“I subcontract everything out,” Coy said. “I manage the jobs and my wife does all the bills. We build up to five houses a year. They’re all high-end homes. I start next week on one that will go for about $2 million. We just finished two that are about $600,000.”

Tim and Valerie have been married for 31 years. They have three children. The oldest, Adam, 25, is a third-year medical student now at Emery University in Atlanta and a graduate of the University of Colorado. Adam played football, basketball and hockey in high school and is now a triathlete.

Tim calls Alex, 21, his “free-spirit son.”

A junior at Western State in Dennison, Colorado, where he is studying psychology, Alex “found his niche in climbing,” according to Tim. “It’s scary sometimes, but he does real well in school. I think he’s going to start taking business classes.”

The Coys’ youngest child, Amanda, is a senior at Palmer Ridge High School in Monument, Colo., just north of the Air Force Academy, where the Coys live.

Coy is glad that he played organized sports in high school.

“High school sports is a really positive experience,” he said. “It prepares you for life.”

Coy himself is still active in outdoor sports, including mountain biking, fly fishing and backpacking.

“I still run and work out every morning,” he said. “I lead an active life.”

Larick, a retired Star Beacon sports writer, is a freelance writer from Geneva.

Click here to subscribe to The Star Beacon print edition.

Click here to subscribe to The Star Beacon replica edition.

1
Text Only
Sports
  • Complete performance

    It has taken a while for the Grand Valley Mustangs to put it all together on the softball diamond this season. Wednesday afternoon, the Mustangs did just that, combining a superb pitching effort by Katie Paskey with a tight defense and opportune offense to smother the Maplewood Rockets, 8-1, in Northeastern Athletic Conference action.

    April 24, 2014

  • Pirates sail past Eagles

    The seniors on the Perry softball team wanted to talk with coach Frank Rico. They had some ideas for how their coach could help the Pirates. Rico was receptive of the players’ thoughts. It didn’t hurt that the Pirates were right on the mark in their assessments.

    April 24, 2014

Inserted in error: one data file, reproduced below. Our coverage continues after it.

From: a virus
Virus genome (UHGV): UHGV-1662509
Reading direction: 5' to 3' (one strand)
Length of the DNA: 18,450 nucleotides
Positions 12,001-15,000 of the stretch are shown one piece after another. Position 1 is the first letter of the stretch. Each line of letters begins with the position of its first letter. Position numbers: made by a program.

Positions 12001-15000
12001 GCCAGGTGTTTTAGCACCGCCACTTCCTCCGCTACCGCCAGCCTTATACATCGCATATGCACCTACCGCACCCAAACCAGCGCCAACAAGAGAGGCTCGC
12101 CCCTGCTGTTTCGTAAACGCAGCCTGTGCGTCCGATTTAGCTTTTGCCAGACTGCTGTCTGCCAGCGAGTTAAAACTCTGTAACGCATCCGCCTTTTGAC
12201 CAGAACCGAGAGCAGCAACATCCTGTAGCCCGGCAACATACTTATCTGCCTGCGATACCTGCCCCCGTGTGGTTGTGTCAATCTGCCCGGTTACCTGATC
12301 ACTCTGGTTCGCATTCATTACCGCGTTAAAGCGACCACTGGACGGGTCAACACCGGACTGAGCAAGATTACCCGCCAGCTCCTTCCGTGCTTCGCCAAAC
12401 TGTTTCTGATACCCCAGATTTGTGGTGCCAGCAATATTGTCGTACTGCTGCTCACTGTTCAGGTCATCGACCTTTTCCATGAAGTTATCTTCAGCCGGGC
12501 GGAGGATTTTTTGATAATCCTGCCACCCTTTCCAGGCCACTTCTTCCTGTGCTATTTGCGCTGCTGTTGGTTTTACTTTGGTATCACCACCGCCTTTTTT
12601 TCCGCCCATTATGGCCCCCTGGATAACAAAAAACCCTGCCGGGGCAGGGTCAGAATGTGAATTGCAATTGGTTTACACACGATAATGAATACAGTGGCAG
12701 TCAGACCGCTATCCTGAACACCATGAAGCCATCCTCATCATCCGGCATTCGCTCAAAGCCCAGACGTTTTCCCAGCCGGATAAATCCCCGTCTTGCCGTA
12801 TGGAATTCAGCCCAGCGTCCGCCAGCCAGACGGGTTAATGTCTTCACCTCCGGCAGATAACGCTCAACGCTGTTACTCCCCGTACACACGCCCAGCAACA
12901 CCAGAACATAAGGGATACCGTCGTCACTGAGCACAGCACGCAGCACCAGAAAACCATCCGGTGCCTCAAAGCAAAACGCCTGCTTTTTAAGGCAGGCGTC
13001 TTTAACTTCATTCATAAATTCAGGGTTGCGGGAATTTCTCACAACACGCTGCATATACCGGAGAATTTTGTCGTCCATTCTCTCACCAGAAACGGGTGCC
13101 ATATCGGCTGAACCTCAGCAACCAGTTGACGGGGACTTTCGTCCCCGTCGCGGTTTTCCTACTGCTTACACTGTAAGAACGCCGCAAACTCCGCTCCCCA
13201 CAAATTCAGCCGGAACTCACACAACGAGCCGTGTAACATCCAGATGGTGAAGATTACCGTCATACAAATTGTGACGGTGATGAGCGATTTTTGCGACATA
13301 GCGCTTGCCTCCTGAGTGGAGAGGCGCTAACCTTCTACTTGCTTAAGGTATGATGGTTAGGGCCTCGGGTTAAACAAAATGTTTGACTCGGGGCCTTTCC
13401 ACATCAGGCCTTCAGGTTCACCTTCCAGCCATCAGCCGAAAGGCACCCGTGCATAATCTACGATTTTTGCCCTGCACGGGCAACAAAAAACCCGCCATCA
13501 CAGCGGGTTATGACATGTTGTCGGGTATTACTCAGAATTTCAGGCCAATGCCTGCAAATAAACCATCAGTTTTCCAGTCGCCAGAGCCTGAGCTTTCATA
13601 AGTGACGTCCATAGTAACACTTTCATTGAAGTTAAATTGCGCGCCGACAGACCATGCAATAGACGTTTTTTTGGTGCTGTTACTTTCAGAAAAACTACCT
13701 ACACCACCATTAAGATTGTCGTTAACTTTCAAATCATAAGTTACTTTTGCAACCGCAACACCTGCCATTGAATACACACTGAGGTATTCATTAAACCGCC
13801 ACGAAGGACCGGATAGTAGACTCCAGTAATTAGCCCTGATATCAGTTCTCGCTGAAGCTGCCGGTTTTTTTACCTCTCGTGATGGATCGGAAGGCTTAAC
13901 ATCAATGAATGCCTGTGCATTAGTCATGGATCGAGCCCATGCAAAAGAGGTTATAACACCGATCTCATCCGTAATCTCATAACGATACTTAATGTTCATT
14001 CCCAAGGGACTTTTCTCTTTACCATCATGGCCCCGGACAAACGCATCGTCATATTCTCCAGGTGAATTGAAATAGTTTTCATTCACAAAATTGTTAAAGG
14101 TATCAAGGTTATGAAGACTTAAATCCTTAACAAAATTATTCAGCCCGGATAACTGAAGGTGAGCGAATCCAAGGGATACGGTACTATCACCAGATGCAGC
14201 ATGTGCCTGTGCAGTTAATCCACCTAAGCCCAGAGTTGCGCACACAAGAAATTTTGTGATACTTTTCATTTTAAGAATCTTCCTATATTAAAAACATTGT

• Don A Don McCormack column: Years of wonder, indeed...

    The recent effort that appeared in this space last week about things yours truly did while growing up that prompted several replies, which were also published as a followup, brought one more into my inbox the other day.

    April 24, 2014 1 Photo

  • Thompson breaks own vaulting mark

    Geneva pole vaulter Ally Thompson is competing mostly with herself in the early going. She claimed a major victory in that category in toppling her own Ashtabula County record in the Eagles’ victories over Lakeside and Harvey at Spire on Wednesday.

    April 24, 2014

  • Scholastic Statistics:

    SOFTBALL
    NAC
    Grand Valley 8, Maplewood 1
    at Grand Valley

    April 24, 2014

  • Scholastic Schedule:

    THURSDAY, APRIL 24
    Baseball

    Ledgemont at Grand Valley (4:30)
    Campbell at Edgewood (5)
    Lordstown at PV (4:30)
    Riverside at Perry (7:30)
    Champion at Jefferson (5)

    April 24, 2014

  • Tribe bests Royals

    The top of the Cleveland lineup has been starting to hit. If that continues, it will bode very well for the team.

    April 24, 2014

  • BB1 Walk on the wild side

    Going into the bottom of the third inning Tuesday, things were looking pretty good for the Madison Blue Streaks at Edgewood.

    April 23, 2014 1 Photo

  • Rick Peck A Rich Kelly column: Rick Peck... his legacy born at CLA

    We all leave a legacy of our persona as we pass from this world to whatever the future holds for us.

    April 23, 2014 2 Photos

  • BB2 Scholastic Statistics:

    BASEBALL
    NON-CONFERENCE
    Edgewood 14, Madison 3
    at Higgins Field, Edgewood

    April 23, 2014 1 Photo

Sports Week in Review April 14 to 19
Sports Week in Review April 7-12
Spring Sports Practice in Ashtabula County
2014 AP BB Tourney Top 25
2014 AP BB Tourney Scoreboard
2014 AP BB Tourney News
2014 AP BB Tourney Photos
Star Beacon-Ed Batanian Senior Classic
Girls Regional Basketball Action
Week of Champions
Sports Week in Review February 21, 22
Grand Valley at Edgewood Boys Basketball
Sports Week in Review Feb. 3 to 8
Sports Week in Review January 30 to Feb. 1
Sports Week in Review January 13-18
Sports Video Archive
House Ads
AP Video